2013 Volkswagen Super Beetle
2013 Volkswagen Super Beetle
2013 Volkswagen Super Beetle. Click image to enlarge

Review and photos by Jacob Black

The day we picked up the Volkswagen Super Beetle I was instantly enamoured, geeking out over the funky “Turbo” decal (decals are worth like 15 hp, everyone knows that), the vibrant red interior accents, and the integrated rear spoiler.

The detractors popped up instantly, Jonathan Yarkony and Jeff Wilson laughed at me mercilessly, probably because they were picking up the Audi R8 at the same time and found my little Super Beetle meek in comparison. One forum member called it a “misshapen GTI”. I didn’t mind, my chance in the R8 would come, but for now I had a cheeky new friend that wanted to play with me.

And this car is nothing but fun. Misshapen Golf GTI? More like a Golf GTI’s more interesting younger cousin. If you hired a band for your wedding, the GTI would be the crooner singing deeply serious songs in a glorious tremulous voice – the Super Beetle would do the same, but stop halfway to help Grandma Doreen do the Birdie dance as well. It’s a Golf GTI with a sense of humour injection.

A lot of people loathed Volkswagen’s attempt at the retro bandwagon originally. It was too big, the engine was in the wrong end and the car looked too dorky to be cute. Since then VW has flattened, widened and toughened the styling – and with the Super Beetle it really pays off.

The 19-inch Tornado alloys, two-tone rear spoiler and the dramatic black grille really set this car off, and the Turbo decals down either side are some of the best graphics I’ve ever seen. The deep flare of the wheel arches and side skirts, sharp creases in the body mouldings, plus the elliptical, LED-lined headlights give this car a striking appearance I liked more every time I looked at it.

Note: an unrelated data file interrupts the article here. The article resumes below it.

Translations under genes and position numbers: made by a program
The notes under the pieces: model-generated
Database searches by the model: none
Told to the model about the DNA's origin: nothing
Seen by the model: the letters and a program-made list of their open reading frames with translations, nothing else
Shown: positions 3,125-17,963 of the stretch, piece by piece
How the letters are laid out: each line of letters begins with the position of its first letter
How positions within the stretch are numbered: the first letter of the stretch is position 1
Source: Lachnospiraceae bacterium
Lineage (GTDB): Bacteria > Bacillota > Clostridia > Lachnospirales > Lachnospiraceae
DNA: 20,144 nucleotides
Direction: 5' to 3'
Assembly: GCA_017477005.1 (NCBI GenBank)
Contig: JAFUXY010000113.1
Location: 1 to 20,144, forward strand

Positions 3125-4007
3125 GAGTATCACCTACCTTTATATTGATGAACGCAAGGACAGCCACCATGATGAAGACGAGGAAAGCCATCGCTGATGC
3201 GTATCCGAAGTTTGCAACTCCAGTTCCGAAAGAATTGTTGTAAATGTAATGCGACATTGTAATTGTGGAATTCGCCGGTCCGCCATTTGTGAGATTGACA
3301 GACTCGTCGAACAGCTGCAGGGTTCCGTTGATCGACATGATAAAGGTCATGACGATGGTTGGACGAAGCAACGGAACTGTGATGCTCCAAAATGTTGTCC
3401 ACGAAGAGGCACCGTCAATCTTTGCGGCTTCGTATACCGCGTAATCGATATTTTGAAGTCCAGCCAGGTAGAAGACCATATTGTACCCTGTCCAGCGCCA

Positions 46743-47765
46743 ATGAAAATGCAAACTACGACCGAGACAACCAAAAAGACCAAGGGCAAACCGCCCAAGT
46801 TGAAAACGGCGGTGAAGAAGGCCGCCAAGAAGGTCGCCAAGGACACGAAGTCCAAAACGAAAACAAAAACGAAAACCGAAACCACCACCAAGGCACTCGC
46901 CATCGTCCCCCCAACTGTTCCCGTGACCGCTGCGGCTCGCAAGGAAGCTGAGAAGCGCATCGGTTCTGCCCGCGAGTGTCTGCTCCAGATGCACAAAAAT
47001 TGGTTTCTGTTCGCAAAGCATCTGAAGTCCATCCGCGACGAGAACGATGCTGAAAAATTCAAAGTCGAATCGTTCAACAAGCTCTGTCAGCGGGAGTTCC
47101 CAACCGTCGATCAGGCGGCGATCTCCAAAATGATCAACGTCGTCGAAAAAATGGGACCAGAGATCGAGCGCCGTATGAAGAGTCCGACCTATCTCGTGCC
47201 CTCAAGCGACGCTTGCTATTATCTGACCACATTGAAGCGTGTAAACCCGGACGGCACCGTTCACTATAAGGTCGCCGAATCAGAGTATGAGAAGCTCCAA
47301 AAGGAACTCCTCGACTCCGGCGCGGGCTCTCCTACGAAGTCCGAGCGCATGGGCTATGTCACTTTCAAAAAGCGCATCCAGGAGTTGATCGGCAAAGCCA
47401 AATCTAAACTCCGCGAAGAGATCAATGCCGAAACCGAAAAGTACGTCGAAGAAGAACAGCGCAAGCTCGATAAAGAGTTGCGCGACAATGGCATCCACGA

2013 Volkswagen Super Beetle2013 Volkswagen Super Beetle2013 Volkswagen Super Beetle2013 Volkswagen Super Beetle
2013 Volkswagen Super Beetle. Click image to enlarge

The interior is beautifully done, too. From the three-dial cluster on top of the dash to the flat-bottomed wheel, metal racing pedals and dramatic red seat inserts, this thing screams “I am so fun! Drive me, drive me more!”

The retro look is carried over with the two-tier glovebox, which correlates directly to the original and the 1950s-wireless look of the in-dash infotainment system.  The cheerful persona is maintained each time you start the car (with a push button of course) and the dashboard announces, “Welcome to your Beetle!”

In a nutshell, the Super Beetle is the most charming, engaging and delightful car I’ve ever driven. And if you think that opinion is based purely on interior and exterior styling you’d be very much mistaken.

The Golf GTI has a cult following for its hot-hatch performance chops.  The Beetle comes with the same 2.0L turbocharged four-cylinder delivering 207 lb-ft of torque but in the Super Beetle you get 10 more horses – 210 hp plays 200.

Both have fully independent suspension front and rear with stabilizer bars, but at 1,546 mm and 2,537 respectively, the Super Beetle has a wider rear track and a shorter wheelbase than the Golf’s 1,514 and 2,578. That makes it considerably more stable mid-corner and gives it better turn-in. It was only chasing the R8 around an off-ramp that I was able to notice the miniscule body roll in the Super Beetle. It corners flatter than a two-day-old beer.

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